Andy K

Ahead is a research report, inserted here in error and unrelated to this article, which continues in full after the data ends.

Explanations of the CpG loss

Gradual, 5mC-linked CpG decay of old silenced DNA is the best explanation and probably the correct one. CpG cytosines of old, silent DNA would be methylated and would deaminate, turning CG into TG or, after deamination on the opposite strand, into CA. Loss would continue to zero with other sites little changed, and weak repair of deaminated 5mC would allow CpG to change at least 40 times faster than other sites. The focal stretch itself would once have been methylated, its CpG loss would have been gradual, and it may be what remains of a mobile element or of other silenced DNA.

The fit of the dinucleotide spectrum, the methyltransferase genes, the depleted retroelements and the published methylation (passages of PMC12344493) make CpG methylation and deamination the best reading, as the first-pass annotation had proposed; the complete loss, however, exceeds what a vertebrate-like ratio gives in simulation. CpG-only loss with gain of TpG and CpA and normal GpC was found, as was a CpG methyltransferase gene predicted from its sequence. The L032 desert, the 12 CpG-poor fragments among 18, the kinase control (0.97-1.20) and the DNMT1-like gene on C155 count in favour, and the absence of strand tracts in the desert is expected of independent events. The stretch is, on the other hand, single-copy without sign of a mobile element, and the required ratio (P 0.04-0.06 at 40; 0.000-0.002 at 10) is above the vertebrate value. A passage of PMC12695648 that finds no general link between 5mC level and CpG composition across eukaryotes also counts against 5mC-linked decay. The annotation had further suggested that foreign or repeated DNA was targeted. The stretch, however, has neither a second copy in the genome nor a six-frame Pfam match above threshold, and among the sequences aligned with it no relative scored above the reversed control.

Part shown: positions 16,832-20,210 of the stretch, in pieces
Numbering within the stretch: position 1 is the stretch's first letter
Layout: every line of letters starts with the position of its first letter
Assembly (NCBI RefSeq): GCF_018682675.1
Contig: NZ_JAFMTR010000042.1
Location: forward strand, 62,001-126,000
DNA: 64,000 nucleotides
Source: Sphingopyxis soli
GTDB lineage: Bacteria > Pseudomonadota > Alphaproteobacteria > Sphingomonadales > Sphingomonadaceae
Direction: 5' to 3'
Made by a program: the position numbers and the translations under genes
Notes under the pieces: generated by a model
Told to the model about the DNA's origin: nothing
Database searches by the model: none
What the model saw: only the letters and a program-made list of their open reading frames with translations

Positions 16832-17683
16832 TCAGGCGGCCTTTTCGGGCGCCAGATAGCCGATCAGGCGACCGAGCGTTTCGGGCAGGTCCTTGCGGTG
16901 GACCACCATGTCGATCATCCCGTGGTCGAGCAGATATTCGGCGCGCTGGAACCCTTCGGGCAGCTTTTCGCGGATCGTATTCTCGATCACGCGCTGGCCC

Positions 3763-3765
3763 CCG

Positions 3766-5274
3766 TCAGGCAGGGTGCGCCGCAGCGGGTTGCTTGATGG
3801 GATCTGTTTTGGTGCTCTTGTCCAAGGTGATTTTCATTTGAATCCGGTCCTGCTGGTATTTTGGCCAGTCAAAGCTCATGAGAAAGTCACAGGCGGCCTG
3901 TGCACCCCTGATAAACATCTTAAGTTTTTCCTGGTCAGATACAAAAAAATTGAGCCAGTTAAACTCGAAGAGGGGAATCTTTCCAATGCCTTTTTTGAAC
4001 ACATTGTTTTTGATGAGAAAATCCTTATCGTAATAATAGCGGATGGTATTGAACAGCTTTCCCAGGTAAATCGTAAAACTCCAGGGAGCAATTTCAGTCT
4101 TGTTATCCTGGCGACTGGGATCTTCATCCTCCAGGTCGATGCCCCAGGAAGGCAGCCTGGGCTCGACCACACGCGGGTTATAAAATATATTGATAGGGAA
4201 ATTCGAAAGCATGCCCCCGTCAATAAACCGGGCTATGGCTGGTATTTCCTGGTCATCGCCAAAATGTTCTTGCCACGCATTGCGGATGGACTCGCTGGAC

In 1948, the newly established United Nations was faced with a crossroads. Being only a few years old, they had to deliver a message that effectively portrayed their desire for well-being and security for all. So, as they conducted one of their first General Assemblies, the United Nations made a proclamation to the world that health is a universal right, setting a precedent for the post-war world to follow. Although health care costs have increased a resounding 91% since 2000, according to Journal of the American Medical Association, the United Nations declaration is no less valid. Insurance is enabling millions to obtain the essential right of health even when they are facing an unparalleled rise in health care rates. Recently, I have experienced firsthand the benefits and importance of insurance. Living slightly below the poverty line is a bittersweet blessing for my wife and me. Although we may struggle week to week financially, we have found comfort in the recent support of our nation’s government. The Affordable Care Act has given countless the opportunity to health, and my wife and I are just two faces of that fortunate population. Because of this aid, we were able to endure a recent difficulty. I currently live in Salt Lake City, an urban community backed against the Wasatch Front, a stretch of mountains bearing the “World’s Greatest Snow.” Last winter, I took advantage of this natural wonder through the form of skiing. However, my fun and laughter turned to pain after a violent fall. Lost for breath and wide-eyed in shock, I remained on the snow covered trail, momentarily unable to move. I found my breath and, with the help of a friend, was able to get up and gently coast down the mountain.  I eventually made my way to a small medical clinic at the base of the slope. They examined me and determined it was best for me to receive a series of scans to ensure that everything was okay. An x-ray for my chest, to ensure no broken ribs, a CT scan for my head, to verify no internal bleeding, and another CT scan for my abdominal cavity, to inspect for any organ punctures or failures. Overwhelmed by the possible cost, my naivety overcame me, and I diagnosed myself to be healthy enough to go without treatment. However, I was sadly mistaken. My apologies if I am getting too personal, but the following days were filled with bloody urine and punching flank pain. Eventually, the pain was too great; I knew that I needed treatment, yet I was unsure if I could afford it. Thankfully, because of the Affordable Care Act, I was covered by insurance. After a relieving phone call, I was comforted by my insurance that treatment was affordable. What could have been a serious fiscal burden to my wife and me turned to a sigh of relief as I was treated for my “fractured kidney,” my exact emergency department diagnosis, without having to spend a single penny. My piercing flank pain transformed into joyful tears as I was able to celebrate my newfound health. The more I experience, the more I come to discover how insurance is multifaceted, expansive, and complex. As I find security in knowing that my health is protected through insurance, others find the many other benefits of insurance in various ways. Just the other day, my sister’s car was broken into. Although nothing important was taken, the trauma and anguish that follows such an event were monumental. Thankfully, because of insurance, she was reimbursed for what was stolen and her car was repaired of any damage. Insurance gave my sister hope in an otherwise lamentable situation. Every day, someone, somewhere benefits from insurance. While I do not know their names or their situations, I can find comfort in the fact that they can remain protected under an umbrella of insurance. So, when I think about the importance of insurance, I think about freedom, I think about the peace of mind as it can protect me from a financial crisis as I live from paycheck to paycheck, and, lastly, I think about the other some twenty million others that have benefited in some way by having insurance through the Affordable Care Act. In a year from now, I will in my first year of medical school. As I learn how to be an efficient and capable physician that betters the lives of those in need, I will not forget how my insurance bettered my life when I was in a state of near destitution. Although my personal experience may pale in comparison to those fighting much graver conditions, our results remain the same because of insurance- a freedom from financial distress and a fulfillment of our essential right to adequate health and well-being.

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